An unknown perpetrator, we call them the Tank Crackers, penetrates the data processing system of the Duck company and steals sensitive customer data. The Armor Crackers have already committed criminal offenses not only of unauthorized access to a data processing system (Art. 143 bis 184 StGB) of the Duck Company, but also of unauthorised obtaining of data (Art. 143 StGB). Now the tank crackers are in possession of the Duck company’s customer data and want to make a profit. They can do this in various ways. Either they blackmail the company Duck (extortion according to Art. 156 StGB) by contacting it and demanding a certain amount of money for the return/deletion of the data or they offer the customer data for sale on the web (possibilities not exhaustive). In the case study, the tank crackers decide to offer Duck’s stolen customer data for sale on an online marketplace for leaked data. Donald discovers the armored crackers’ offer and also wants to profit from this data. He transfers cryptocurrency to the tank crackers and receives the leaked data of the Duck company in return. The tank crackers did not commit a crime when selling the leaked data according to the Swiss Criminal Code. Also Donald has acquired the leaked data legally. Since the data offered for sale are not particularly protected against access, the unauthorised obtaining of data (Art. 143 StGB) does not apply here either. However, if the safecrackers had decided to blackmail the Duck company, they would have been liable to extortion under Art. 156 StGB.
Data theft should not be confused with ransomware. In ransomware, the perpetrator extorts a ransom for the release of a computer or the data on it. In this case, unlike data theft, the perpetrator uses damage programs, with the help of which it can prevent access to data, its use or the entire computer system.
No matter if you are a private person or a company, to be informed about cyber attacks and to protect yourself accordingly against them is indispensable in today’s world. If you don’t want to become a victim, you should regularly test the emergency in order to detect vulnerabilities and to be able to remedy them at an early stage.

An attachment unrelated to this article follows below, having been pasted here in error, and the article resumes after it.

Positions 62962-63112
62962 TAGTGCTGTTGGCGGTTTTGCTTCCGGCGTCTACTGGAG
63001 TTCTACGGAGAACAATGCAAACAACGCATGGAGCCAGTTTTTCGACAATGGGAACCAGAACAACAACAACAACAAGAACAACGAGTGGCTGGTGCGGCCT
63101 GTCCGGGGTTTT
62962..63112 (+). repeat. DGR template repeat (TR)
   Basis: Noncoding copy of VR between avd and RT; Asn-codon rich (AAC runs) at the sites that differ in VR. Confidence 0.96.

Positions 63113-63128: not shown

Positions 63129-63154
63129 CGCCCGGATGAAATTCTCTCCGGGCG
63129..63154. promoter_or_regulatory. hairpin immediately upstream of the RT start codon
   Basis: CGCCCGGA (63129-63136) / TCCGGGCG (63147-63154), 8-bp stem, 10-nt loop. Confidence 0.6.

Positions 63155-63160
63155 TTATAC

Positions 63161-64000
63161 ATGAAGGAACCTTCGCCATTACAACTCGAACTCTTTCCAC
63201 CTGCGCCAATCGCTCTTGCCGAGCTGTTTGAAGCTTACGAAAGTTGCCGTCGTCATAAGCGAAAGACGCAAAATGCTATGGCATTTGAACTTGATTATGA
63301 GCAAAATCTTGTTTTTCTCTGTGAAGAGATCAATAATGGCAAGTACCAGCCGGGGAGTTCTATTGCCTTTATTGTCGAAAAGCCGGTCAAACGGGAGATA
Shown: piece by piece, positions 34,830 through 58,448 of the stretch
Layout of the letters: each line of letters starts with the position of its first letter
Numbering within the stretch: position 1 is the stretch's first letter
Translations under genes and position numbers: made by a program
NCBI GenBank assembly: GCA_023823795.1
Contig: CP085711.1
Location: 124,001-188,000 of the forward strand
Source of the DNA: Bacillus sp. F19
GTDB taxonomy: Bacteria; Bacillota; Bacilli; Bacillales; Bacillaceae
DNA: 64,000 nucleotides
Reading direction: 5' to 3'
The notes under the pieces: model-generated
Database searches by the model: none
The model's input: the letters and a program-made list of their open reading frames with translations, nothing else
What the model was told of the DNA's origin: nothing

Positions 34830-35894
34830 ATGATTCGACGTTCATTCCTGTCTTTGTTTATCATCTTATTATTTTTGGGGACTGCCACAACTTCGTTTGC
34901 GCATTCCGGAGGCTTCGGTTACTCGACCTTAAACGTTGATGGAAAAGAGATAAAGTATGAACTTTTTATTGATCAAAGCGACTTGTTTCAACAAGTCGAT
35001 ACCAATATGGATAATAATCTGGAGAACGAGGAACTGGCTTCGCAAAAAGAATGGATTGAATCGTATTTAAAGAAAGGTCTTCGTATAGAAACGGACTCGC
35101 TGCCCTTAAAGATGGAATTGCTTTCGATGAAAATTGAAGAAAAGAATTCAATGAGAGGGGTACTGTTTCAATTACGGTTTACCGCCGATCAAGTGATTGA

Private users are advised to keep their web browser, operating system and software up to date. In addition, virus protection and a firewall make it more difficult for a possible attacker to penetrate. In general, care should be taken to choose a secure password and a separate password for each login. A password manager can help with this. Passwords should be at least ten characters long, contain upper and lower case letters, numbers and special characters. In addition, it is discouraged to choose passwords that are associated with the user or contain actual words. Furthermore, security can be further increased by opting for two-factor authentication where possible. Before opening an email or its attachment, it is important to check it for plausibility and meaningfulness. Downloads should also be carefully considered. In addition, care should be taken to always use an encrypted Internet connection (HTTPS).
It is recommended that companies review their security model at regular intervals or have it reviewed. Security assessments, penetration tests, etc. can provide information about possible vulnerabilities. can provide information about possible vulnerabilities. It is also important to sensitize employees to possible cyber attacks and to train them in the use of the infrastructure. A contingency plan for emergencies can help to ensure a timely and appropriate response. External backups of data and secure data exchange are other ways of counteracting cyber attacks.
What do you do if you are attacked despite all precautionary measures? The first thing to check is how likely it is that the perpetrator is actually in possession of your data. It is possible that they only want to get their hands on money and that the actual data is not available at all. For example, you can ask the perpetrator for a sample data set. If there is a possibility that the perpetrator has the real data, appropriate measures should be taken. It is not advisable to pay the requested amount of money. This is because there is no guarantee that the perpetrator will not subsequently resell or delete the leaked data. In this case, it is recommended to contact specialists.
Cyber attacks are widespread and occur daily. Accordingly, thematization and contingency planning is of great importance. It can hit anyone and at any time. With simple tricks you can prevent them and protect not only yourself but also your company. Especially in case of an emergency, one should react correctly and be prepared. Data theft does not exist in the Swiss Criminal Code. Nevertheless, many of its pre- and post-deeds are punishable and, depending on the actions of the perpetrator, several elements of the crime may be fulfilled. For example, unauthorised obtaining of data under Art. 143, unauthorised access to a data processing system under Art. 143 bis 184 StGB or further, damage to data under Art. 144 bis StGB, the computer fraud according to Art. 147 StGB, the extortion according to Art. 156 StGB or the coercion according to Art. 181 StGB (list not exhaustive) may apply. If you are not sure whether you are sufficiently protected or have become a victim of a cyber attack, we will be happy to support you.